Great hammerhead shark

Sphyrna mokarran

Type: Fish - Shark Litter size: 13 to 42 pups Life span: 30 to 40 years Diet description: Stingrays, sharks, bony fish, crustaceans Max length: 6 metres Habitat and range: Worldwide in tropical seas, they are typically found in coastal reefs and lagoons, but are also known to seasonally migrate thousands of kilometres into open ocean. Relative size: Image IUCN status: Critically endangered (CR) - Decreasing population Critically endangered (CR)
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Great hammerheads are the largest of the hammerheads and clearly identifiable by their hammer-shaped head (or cephalofoil) that has a single notch at the centre, and their disproportionally large first dorsal fin. Their fins also appear more sickle-shaped than other hammerhead sharks. They are pale grey in colour.

Photo © Matt During
Photo © Matt During

Special behaviour

Great hammerheads are specialised ray hunters, and have been observed using their hammer to pin down and immobilise rays they have found on the seafloor. They are also regularly observed swimming almost on their sides; wild great hammerheads spend 90% of their time at roll angles of 50–75. Tilting like this means their large first dorsal can provide additional lift, but hydrodynamic modelling has revealed that this position also saves them 10% in drag and the cost of movement.


Great hammerheads are viviparous, meaning they have a placenta and give birth to live young. After a gestation period of approximately 11 months, a female may produce up to 55 pups that each measure 0.5–0.7 m in length. Great hammerheads grow faster than many other sharks of their size, and tend to mature earlier at 5–9 years of age.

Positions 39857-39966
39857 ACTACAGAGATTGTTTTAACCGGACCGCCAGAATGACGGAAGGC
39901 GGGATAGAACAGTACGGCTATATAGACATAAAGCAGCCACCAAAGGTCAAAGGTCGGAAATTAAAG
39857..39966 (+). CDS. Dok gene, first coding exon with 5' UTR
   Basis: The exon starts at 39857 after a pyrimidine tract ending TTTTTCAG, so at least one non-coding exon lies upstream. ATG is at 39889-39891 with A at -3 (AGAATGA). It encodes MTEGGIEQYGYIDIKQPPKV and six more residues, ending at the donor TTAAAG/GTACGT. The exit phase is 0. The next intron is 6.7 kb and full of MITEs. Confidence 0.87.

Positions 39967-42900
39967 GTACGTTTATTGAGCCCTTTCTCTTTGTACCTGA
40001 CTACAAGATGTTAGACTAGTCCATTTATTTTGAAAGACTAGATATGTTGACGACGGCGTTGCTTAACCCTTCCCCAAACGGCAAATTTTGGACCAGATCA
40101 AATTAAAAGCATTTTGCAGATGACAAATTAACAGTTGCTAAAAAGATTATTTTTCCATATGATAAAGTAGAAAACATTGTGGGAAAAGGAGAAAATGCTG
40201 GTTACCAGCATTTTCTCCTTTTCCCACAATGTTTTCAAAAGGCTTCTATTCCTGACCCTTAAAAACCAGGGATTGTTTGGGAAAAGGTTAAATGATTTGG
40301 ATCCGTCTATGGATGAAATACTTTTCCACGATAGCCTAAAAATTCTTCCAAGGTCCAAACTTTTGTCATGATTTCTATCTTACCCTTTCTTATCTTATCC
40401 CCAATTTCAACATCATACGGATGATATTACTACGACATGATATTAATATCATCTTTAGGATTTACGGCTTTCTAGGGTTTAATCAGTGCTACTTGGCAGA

Habitat and geographical range

Worldwide in tropical seas and typically found in coastal reefs and lagoons, but also known to seasonally migrate thousands of kilometres into open ocean.



Great hammerheads have a relatively broad diet, including stingrays, other sharks, bony fish, and crustaceans, but they do tend to have a particular preference for stingrays. Their hammer (or cephalofoil) helps them find rays buried in the sand through electroreception, and is used to pin them down so they can’t escape.


Great hammerheads are Critically Engendered due to their severe declines as a result of overfishing. They are caught globally both as target and bycatch in longline, purse seine and gillnet fisheries. They are also considered valuable trophy catches in recreational fisheries, and are often caught in beach protection programmes that target large sharks.

Relationship with humans

Great hammerheads have been valuable to fisheries globally for their meat and oil, but given their size (particularly of their impressive first dorsal) their fins are also highly sought after for display. They are similarly popular with recreational fishermen. Unfortunately, great hammerheads are fragile and have exceptionally high at-vessel mortality, meaning that even catch and release fisheries pose a significant threat to them. Overall declines of more than 70% mean this species is now listed on Appendix II of CITES, which restricts their international trade. However, their charismatic nature also means they are highly sought after for encounters by tourists, and despite their severe declines there are some locations where they can be encountered reliably. The Bahamas in particular has a number of dive operations specifically targeting great hammerheads, providing alternative and more sustainable livelihoods to overfishing.


David A. Ebert. et al, 2021, Sharks of the World: A Complete Guide.

IUCN Red List of Threatened Species, Great Hammerhead: Sphyrna mokarran

Florida Museum, 2018, Sphyrna mokarran

Oceana, Great hammerhead: Sphyrna mokarran

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